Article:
Cerium oxide (ceria) nanoparticles were prepared by a gel-combustion method, using cerium nitrate as an oxidant and citric acid as a fuel. In this method, a pre-calculated amount of cerium nitrate and citric acid was initially dissolved in de-ionized water and then dehydrated at 120 °C to form a gel precursor. Later, the temperature was further increased to 200 °C, which resulted in auto ignition of the gel precursor, leading to the formation of cerium oxide nanoparticles. The fabricated powder was then calcined at 700 °C for 1 h to remove residual carbonaceous products. The calcination process resulted in the formation of pure, crystalline ceria nanoparticles of 12 nm average particle size (Fig. S2, ESI, Section S1). Further description of the preparation and characterization of cerium oxide nanoparticles is given in our earlier work.35

2.3 Preparation of control Psf and Psf–(ND + Ce) hybrid membranes

Control Psf and Psf–(ND + Ce) hybrid membranes were fabricated by a phase inversion technique. For fabricating these membranes, dope solutions were prepared as per the compositions provided in Table 1. For the Psf–(ND + Ce) hybrid membranes, ND and ceria were mixed in the proportions given in Table 1. The nanomaterials were then dispersed in 100 ml of NMP and kept in a sonication bath for 30 minutes. The base polymer, Psf (25 g), and additive PVP (7.5 g) were then added to the dispersion. The dope solution was stirred continuously until a homogeneous casting solution was obtained. The stirring process usually took up to 24 h. The dope solution for the control Psf membrane was prepared without the addition of any nano additives, following the same procedure.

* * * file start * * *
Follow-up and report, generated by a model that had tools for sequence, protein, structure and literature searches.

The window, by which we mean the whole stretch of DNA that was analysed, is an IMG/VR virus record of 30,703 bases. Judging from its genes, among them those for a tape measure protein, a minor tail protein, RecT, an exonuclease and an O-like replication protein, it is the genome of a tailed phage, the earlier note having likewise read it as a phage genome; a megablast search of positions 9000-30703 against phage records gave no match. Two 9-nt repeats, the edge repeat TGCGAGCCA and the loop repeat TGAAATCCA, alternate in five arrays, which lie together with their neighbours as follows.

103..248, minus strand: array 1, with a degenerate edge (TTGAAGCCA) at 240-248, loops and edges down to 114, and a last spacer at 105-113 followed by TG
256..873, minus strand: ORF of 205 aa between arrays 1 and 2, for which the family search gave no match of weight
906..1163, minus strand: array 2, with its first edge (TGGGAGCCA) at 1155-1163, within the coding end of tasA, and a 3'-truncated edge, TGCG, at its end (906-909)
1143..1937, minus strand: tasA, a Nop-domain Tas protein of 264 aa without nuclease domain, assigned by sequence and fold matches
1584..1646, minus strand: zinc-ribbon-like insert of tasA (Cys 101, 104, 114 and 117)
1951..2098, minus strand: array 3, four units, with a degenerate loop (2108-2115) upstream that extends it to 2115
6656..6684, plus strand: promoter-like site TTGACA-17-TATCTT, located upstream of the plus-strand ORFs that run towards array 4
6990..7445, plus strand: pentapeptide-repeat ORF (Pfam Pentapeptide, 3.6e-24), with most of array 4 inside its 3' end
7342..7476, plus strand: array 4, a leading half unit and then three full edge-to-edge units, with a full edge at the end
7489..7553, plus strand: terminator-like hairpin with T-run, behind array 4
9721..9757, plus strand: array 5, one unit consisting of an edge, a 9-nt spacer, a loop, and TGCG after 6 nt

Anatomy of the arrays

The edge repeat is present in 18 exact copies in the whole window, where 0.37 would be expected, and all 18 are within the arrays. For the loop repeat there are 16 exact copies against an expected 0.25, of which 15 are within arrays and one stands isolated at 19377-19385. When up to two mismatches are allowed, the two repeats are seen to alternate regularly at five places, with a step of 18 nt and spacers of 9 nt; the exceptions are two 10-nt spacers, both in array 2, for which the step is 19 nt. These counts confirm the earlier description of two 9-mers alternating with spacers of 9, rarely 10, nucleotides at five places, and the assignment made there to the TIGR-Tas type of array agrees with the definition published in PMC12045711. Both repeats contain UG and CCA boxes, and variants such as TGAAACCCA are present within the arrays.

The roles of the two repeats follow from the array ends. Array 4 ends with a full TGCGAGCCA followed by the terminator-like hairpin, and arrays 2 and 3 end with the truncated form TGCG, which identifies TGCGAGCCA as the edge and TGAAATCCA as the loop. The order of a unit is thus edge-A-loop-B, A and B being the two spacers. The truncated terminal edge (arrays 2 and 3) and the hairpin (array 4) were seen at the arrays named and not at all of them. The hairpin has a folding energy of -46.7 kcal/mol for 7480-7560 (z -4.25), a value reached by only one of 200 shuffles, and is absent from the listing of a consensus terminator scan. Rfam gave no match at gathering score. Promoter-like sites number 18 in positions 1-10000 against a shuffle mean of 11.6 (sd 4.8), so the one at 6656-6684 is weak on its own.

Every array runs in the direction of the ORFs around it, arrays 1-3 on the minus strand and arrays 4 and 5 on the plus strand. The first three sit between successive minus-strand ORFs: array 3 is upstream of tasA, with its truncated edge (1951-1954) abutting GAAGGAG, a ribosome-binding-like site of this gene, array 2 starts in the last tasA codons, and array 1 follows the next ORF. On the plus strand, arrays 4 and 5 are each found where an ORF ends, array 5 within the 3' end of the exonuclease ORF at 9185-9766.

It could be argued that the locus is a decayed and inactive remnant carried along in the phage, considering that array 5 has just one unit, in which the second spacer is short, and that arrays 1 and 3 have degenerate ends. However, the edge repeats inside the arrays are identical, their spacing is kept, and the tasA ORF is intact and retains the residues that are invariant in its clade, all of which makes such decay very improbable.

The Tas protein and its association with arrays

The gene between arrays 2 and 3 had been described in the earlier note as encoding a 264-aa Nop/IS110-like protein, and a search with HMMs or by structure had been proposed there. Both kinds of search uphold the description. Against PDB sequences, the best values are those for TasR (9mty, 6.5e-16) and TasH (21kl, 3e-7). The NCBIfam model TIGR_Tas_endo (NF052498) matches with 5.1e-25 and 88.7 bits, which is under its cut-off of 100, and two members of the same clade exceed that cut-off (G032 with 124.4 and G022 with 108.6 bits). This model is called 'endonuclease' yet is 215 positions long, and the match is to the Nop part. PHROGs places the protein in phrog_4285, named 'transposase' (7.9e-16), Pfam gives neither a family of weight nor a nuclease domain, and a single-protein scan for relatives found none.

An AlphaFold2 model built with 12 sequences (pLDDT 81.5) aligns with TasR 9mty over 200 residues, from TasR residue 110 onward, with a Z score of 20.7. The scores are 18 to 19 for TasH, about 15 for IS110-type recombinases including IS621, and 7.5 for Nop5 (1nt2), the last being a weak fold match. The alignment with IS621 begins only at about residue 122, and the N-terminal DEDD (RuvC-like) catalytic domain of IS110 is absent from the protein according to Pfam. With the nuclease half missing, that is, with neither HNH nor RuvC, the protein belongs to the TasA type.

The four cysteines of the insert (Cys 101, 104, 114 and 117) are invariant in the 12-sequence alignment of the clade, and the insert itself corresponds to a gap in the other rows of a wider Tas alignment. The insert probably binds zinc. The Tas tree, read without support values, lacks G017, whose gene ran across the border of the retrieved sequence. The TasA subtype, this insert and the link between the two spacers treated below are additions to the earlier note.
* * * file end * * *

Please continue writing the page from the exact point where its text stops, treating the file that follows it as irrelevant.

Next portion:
Table 1 Compositions of dope solutions for membrane synthesis
Type of membrane Membrane label Psf (g) NMP (ml) PVP (g) ND (%/Psf) Ceria (%/Psf)
Control Psf Psf 25 100 7.5 0 0
Psf–(ND + Ce) hybrid 0.25ND–0.25Ce 25 100 7.5 0.25 0.25
0.25ND–0.5Ce 25 100 7.5 0.25 0.5
0.5ND–0.25Ce 25 100 7.5 0.5 0.25
0.5ND–0.5Ce 25 100 7.5 0.5 0.5


Both control Psf and Psf–(ND + Ce) hybrid membranes with a thickness of 200 μm were prepared using a flat-sheet table top casting machine at ambient temperature and then gelled in demineralized water. The compositions and labels of different membranes are given in Table 1.

2.4 Irradiation of membranes

The as-prepared individual membranes immersed in demineralized water were sealed in zip-lock polyethylene bags for irradiation. Both control Psf and Psf–(ND + Ce) hybrid membranes were exposed to 100, 500 and 1000 kGy of radiation using a 60Co source Gamma Chamber GC-5000 (Board of Radiation & Isotope Technology, BRIT, India) with a dose rate of about 1.5 kGy h−1 (Fricke dosimetry).

2.5 Membrane characterization